More Eyes to Watch Out for Crime
There will be more eyes on the lookout for crime in Kittitas county, as
volunteers will help police officers who can't be everywhere at once.
These three Kittitas county residents have always been fascinated with police work.
"It's always been an area of interest, crime prevention," says Crystal Kossow.
"It's something that I just felt that I wanted to do to help make things a little bit better," says Ken Titus.
"I thought this was a good way to serve the community," says Bob Allen.
And now they'll get a chance to make a difference, as part of a volunteer citizen patrol for the sheriff's office.
They'll be an extra set of eyes to watch out for crime in any part of the county.
"We might be able to see something that we can pass on to the deputies that will help them apprehend somebody," says Allen.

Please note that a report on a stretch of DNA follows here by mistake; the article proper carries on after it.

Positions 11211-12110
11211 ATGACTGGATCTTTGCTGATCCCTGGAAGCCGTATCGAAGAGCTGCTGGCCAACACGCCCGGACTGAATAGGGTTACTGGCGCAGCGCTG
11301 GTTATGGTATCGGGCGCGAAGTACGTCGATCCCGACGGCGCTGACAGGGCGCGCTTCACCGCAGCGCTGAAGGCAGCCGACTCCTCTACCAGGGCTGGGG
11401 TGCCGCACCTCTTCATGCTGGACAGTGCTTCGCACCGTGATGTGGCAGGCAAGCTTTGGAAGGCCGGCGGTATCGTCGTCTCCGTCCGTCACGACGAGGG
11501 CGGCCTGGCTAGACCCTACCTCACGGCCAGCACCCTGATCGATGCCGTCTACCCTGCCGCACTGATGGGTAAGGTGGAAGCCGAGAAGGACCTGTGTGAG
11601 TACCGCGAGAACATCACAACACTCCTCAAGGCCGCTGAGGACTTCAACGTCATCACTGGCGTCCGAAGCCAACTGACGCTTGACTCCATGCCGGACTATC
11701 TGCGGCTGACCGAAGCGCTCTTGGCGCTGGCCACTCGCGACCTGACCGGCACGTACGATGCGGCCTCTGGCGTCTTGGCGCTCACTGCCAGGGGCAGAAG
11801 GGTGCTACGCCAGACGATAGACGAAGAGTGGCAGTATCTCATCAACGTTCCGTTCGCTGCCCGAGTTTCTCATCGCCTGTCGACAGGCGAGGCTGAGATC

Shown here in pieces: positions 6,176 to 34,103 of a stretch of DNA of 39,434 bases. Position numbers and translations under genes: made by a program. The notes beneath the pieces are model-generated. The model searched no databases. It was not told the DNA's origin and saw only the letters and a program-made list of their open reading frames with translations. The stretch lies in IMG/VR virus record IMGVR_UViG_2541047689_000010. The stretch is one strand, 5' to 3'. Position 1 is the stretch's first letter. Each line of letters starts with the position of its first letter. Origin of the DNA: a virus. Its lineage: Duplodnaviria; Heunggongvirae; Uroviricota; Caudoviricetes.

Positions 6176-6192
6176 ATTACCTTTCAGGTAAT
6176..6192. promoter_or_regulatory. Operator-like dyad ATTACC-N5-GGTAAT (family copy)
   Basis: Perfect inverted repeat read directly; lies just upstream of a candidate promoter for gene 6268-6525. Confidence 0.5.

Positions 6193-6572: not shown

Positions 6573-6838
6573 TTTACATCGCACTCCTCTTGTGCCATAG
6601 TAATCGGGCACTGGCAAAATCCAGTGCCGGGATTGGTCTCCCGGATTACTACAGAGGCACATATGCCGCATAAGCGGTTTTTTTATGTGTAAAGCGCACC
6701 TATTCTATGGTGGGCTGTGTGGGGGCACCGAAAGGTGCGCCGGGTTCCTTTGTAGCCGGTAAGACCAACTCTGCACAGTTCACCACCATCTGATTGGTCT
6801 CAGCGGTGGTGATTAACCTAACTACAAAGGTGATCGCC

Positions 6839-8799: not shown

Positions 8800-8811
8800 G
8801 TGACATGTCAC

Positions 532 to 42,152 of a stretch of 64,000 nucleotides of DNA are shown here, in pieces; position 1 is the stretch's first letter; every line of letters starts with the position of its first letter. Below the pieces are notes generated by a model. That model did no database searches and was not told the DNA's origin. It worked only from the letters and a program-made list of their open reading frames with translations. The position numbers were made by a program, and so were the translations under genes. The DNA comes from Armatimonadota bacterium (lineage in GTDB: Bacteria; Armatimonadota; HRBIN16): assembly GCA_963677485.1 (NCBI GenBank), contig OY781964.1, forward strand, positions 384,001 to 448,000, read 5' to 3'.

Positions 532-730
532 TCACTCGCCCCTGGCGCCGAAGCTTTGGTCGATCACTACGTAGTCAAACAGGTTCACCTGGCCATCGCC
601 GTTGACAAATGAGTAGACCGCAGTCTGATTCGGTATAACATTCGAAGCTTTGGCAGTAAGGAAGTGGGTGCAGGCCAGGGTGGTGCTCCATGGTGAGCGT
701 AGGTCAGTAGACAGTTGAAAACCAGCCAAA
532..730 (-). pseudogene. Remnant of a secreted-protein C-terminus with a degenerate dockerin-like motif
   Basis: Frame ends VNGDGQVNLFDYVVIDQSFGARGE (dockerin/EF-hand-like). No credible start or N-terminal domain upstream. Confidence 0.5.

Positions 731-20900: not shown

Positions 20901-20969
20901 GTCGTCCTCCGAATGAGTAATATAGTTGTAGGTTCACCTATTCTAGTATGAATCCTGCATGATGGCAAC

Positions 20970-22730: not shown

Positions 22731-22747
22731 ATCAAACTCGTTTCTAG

Tight county budgets, crime waves, and a large patrol area make it hard for deputies to catch everything.
"Preventing crimes, working with volunteers, such as us, and just trying to fill in a lot of the gaps," says Kossow.
"They need some help, and it's up to the community too to help," says Titus.
The sheriff's office is partnering with the Retired Senior Volunteer program, and will use grant money to pay for the citizen patrol.
"Just a presence out there that won't cost the county a lot of money, and help out the deputies hopefully," says Allen.
The volunteers just finished a week of intensive training in Yakima.
Today they learned how to recognize investment fraud, and prevent senior citizens from becoming victimized.
"I feel like I'd be able to steer them in the right direction, possibly get more information," says Titus.
The trio has their own patrol car, a refurbished Crown Victoria they say will be a big part in driving crime out of Kittitas county.
"We can be watching for and be visible to help deter the bad guys," says Kossow.
The citizen patrol started with three volunteers, and they hope to expand the program.
The patrol will be on duty a few days a month, or as needed.